Sci Total Environ 2019 Feb 16;649:12-20. Epub 2018 Aug 16.
Department of Environment and Geography, University of York, UK. Electronic address:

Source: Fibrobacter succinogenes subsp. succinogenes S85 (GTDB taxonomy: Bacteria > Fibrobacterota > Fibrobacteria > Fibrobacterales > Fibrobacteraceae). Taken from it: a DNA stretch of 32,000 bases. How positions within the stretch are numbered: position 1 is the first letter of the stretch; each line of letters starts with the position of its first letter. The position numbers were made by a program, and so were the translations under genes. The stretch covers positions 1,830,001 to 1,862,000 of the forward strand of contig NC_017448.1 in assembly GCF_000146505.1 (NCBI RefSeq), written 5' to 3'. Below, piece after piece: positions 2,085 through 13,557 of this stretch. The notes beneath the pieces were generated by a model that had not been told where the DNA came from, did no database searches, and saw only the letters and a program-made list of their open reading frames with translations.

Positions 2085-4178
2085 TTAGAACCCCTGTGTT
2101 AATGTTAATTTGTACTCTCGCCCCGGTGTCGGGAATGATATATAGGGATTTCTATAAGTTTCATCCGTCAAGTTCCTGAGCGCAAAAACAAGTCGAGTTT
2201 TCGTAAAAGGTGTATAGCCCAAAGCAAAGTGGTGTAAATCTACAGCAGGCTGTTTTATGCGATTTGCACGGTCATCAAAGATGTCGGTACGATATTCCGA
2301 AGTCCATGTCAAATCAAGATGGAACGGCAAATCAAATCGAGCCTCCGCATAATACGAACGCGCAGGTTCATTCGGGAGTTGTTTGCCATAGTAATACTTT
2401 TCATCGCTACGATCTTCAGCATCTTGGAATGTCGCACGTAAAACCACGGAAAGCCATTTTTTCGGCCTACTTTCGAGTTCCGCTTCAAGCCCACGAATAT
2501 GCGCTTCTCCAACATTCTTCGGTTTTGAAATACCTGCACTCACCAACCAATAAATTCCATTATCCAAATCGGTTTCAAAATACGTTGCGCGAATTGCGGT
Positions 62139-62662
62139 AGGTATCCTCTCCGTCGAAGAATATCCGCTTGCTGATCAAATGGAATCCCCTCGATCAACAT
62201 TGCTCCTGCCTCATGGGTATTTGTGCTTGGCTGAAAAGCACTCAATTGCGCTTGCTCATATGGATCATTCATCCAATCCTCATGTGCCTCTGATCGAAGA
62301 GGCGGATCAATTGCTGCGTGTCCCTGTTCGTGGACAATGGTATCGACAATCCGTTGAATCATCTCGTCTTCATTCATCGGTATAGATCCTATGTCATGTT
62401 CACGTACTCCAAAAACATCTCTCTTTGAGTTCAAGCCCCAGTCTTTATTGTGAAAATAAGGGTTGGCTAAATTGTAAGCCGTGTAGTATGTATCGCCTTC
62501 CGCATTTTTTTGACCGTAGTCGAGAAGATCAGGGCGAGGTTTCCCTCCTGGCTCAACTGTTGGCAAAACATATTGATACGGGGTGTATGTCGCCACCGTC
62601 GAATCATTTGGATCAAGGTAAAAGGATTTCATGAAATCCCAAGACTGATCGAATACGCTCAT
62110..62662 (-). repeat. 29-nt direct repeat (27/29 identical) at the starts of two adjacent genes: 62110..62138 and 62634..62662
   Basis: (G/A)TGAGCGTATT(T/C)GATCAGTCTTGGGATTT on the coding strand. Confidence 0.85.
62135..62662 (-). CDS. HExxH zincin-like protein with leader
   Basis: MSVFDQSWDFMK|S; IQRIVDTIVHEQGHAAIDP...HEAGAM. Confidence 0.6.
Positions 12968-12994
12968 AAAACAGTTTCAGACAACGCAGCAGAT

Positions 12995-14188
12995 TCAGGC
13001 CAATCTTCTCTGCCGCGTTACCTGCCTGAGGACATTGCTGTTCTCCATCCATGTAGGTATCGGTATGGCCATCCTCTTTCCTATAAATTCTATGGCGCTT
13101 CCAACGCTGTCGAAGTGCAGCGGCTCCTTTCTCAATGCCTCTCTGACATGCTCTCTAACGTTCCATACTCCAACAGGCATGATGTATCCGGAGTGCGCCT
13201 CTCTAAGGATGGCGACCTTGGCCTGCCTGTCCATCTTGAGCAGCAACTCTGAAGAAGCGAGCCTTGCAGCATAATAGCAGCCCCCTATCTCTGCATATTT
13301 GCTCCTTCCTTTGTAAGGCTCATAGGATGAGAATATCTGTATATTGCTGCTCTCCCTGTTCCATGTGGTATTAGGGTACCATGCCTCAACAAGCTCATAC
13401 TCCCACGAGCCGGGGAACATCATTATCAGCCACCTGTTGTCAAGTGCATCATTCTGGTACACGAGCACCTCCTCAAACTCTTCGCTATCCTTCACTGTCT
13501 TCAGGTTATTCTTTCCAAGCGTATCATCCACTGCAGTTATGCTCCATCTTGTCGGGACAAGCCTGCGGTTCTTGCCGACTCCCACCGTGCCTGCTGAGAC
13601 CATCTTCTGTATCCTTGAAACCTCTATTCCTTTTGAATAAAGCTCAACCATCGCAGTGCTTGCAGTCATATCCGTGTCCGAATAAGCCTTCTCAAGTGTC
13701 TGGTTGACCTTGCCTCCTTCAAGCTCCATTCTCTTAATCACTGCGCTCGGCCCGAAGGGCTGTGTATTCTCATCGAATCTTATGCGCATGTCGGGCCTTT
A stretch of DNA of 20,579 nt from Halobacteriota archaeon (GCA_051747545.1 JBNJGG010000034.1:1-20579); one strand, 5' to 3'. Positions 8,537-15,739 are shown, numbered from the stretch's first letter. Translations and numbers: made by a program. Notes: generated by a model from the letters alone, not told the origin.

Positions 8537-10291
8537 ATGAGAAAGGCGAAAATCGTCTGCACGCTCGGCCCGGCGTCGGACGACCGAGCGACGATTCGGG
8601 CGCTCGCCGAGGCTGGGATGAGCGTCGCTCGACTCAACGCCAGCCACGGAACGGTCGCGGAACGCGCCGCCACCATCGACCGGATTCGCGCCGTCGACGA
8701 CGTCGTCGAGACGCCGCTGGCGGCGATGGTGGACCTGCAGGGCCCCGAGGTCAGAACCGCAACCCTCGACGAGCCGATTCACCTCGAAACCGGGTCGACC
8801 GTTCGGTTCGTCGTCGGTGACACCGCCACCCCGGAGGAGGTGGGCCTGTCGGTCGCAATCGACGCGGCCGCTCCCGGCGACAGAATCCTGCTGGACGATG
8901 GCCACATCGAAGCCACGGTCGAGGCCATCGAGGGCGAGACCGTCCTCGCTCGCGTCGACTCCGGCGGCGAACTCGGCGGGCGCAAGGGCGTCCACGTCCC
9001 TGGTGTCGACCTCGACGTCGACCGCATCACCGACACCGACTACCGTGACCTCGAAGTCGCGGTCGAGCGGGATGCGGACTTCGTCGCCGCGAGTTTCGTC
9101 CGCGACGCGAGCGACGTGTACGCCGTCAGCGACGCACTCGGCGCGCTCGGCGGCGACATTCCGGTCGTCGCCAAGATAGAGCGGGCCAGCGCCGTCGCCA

The isolation of antimicrobial resistant bacteria (ARB) from wildlife living adjacent to humans has led to the suggestion that such antimicrobial resistance (AMR) is anthropogenically driven by exposure to antimicrobials and ARB. However, ARB have also been detected in wildlife living in areas without interaction with humans. Here, we investigated patterns of resistance in Escherichia coli isolated from 408 wild bird and mammal faecal samples. AMR and multi-drug resistance (MDR) prevalence in wildlife samples differed significantly between a Sewage Treatment Plant (STP; wastes of antibiotic-treated humans) and a Farm site (antibiotic-treated livestock wastes) and Central site (no sources of wastes containing anthropogenic AMR or antimicrobials), but patterns of resistance also varied significantly over time and between mammals and birds. Over 30% of AMR isolates were resistant to colistin, a last-resort antibiotic, but resistance was not due to the mcr-1 gene. ESBL and AmpC activity were common in isolates from mammals. Wildlife were, therefore, harbouring resistance of clinical relevance. AMR E. coli, including MDR, were found in diverse wildlife species, and the patterns and prevalence of resistance were not consistently associated with site and therefore different exposure risks. We conclude that AMR in commensal bacteria of wildlife is not driven simply by anthropogenic factors, and, in practical terms, this may limit the utility of wildlife as sentinels of spatial variation in the transmission of environmental AMR.